By Allan warren (Own work) [CC BY-SA 3.0 or GFDL], via Wikimedia CommonsAlthough Salvador Dalí was born in Spain, the artist spent a short — but productive — stint in Monterey, during the 1940s. In 1941 he and his wife Gala called the Hotel Del Monte home for a year, before they relocated to what’s now the Lodge at Pebble Beach for another seven years. The Monterey Peninsula is the only place in the US where Dalí lived and painted; and today a local museum celebrates his coastal tenure. Dalí 17 (www.Dali17.com), which is named for the famed 17 Mile Drive where the artist once resided, houses a breathtaking collection of original etchings, lithographs and rare sculptures by the famous surrealist. And as the largest private Dalí collection in the country, it’s definitely a must-see on any Monterey itinerary.
Located on Custom House Plaza, on the former site of the Museum of Monterey, the museum is easy to get to for wheelchair-users. Best bet is to park in the Fisherman’s Wharf parking lot, and go all the way to the south end of the lot, where you’ll find several accessible spaces. From there, it’s just a short level roll to the museum, which features level access, elevator access to the second floor, and accessible restrooms around the back. There’s also plenty of room for even the largest wheelchair to roam through the spacious galleries.
The downstairs gallery is comprised of two contrasting exhibits. On one side there’s a collection of lithographs illustrating the Marquis de Sade’s provocative writings. The works give life to the author’s sadistic sexual fantasies and unrestrained morality, and although some are quite graphic, others leave a little more to the imagination.
Biblica Sacra, a collection commissioned by Dalí’s friend Giuseppe Albaretto in an effort to bring the author back to the Catholic church, occupies the other half of the downstairs gallery. Dalí used ink-filled capsules that were fired from a gun at sheets of paper in these works, which include an interesting mixture of biblical references and classical mythology. In the end it appears that Albaretto’s efforts failed, as the final paintings seem to have Dalí questioning his faith.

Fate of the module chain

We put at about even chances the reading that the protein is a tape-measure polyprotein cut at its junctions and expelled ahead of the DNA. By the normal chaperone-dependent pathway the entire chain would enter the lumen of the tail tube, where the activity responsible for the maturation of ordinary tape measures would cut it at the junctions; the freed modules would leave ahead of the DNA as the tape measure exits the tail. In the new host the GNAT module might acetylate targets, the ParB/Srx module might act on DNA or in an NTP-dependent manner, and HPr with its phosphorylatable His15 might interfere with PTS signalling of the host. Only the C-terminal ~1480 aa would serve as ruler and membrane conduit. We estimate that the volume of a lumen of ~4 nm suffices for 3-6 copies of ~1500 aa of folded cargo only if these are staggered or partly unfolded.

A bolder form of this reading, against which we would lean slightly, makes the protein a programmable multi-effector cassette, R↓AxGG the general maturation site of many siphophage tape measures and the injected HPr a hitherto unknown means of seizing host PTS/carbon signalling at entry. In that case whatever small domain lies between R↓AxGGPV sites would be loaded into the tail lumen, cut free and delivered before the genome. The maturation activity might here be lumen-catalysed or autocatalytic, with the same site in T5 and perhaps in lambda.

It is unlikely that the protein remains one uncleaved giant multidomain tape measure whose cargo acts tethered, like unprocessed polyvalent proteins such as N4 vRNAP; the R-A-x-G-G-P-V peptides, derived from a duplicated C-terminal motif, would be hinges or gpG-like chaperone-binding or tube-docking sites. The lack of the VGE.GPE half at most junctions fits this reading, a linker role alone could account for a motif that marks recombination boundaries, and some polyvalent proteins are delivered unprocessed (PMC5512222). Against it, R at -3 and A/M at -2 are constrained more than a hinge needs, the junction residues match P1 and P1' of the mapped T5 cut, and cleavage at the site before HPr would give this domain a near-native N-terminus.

The upstairs gallery is equally intriguing, as it begins with illustrations of Don Quichotte and some fanciful tarot prints. It also includes the works Dalí did for The Songs of Maldoror in 1934 — a project Picasso passed on — which clearly show that melting time was an early theme for the artist. Add in the works from the Divine Comedy, which follows Dante through the inferno, purgatory and paradise and you have an incredibly well-rounded exhibition. That said, the Les Caprices de Goya de Dalí works are perhaps the most moving; as Goya’s etchings are displayed next to Dalí’s more colorful and surrealistic interpretations of his work.
In short, this collection evokes a myriad of emotions, and serves to illustrate the ageless themes of this often misunderstood artist. And it may even leave you questioning some of the core beliefs of modern society. Either way, it’s most definitely worth a stop.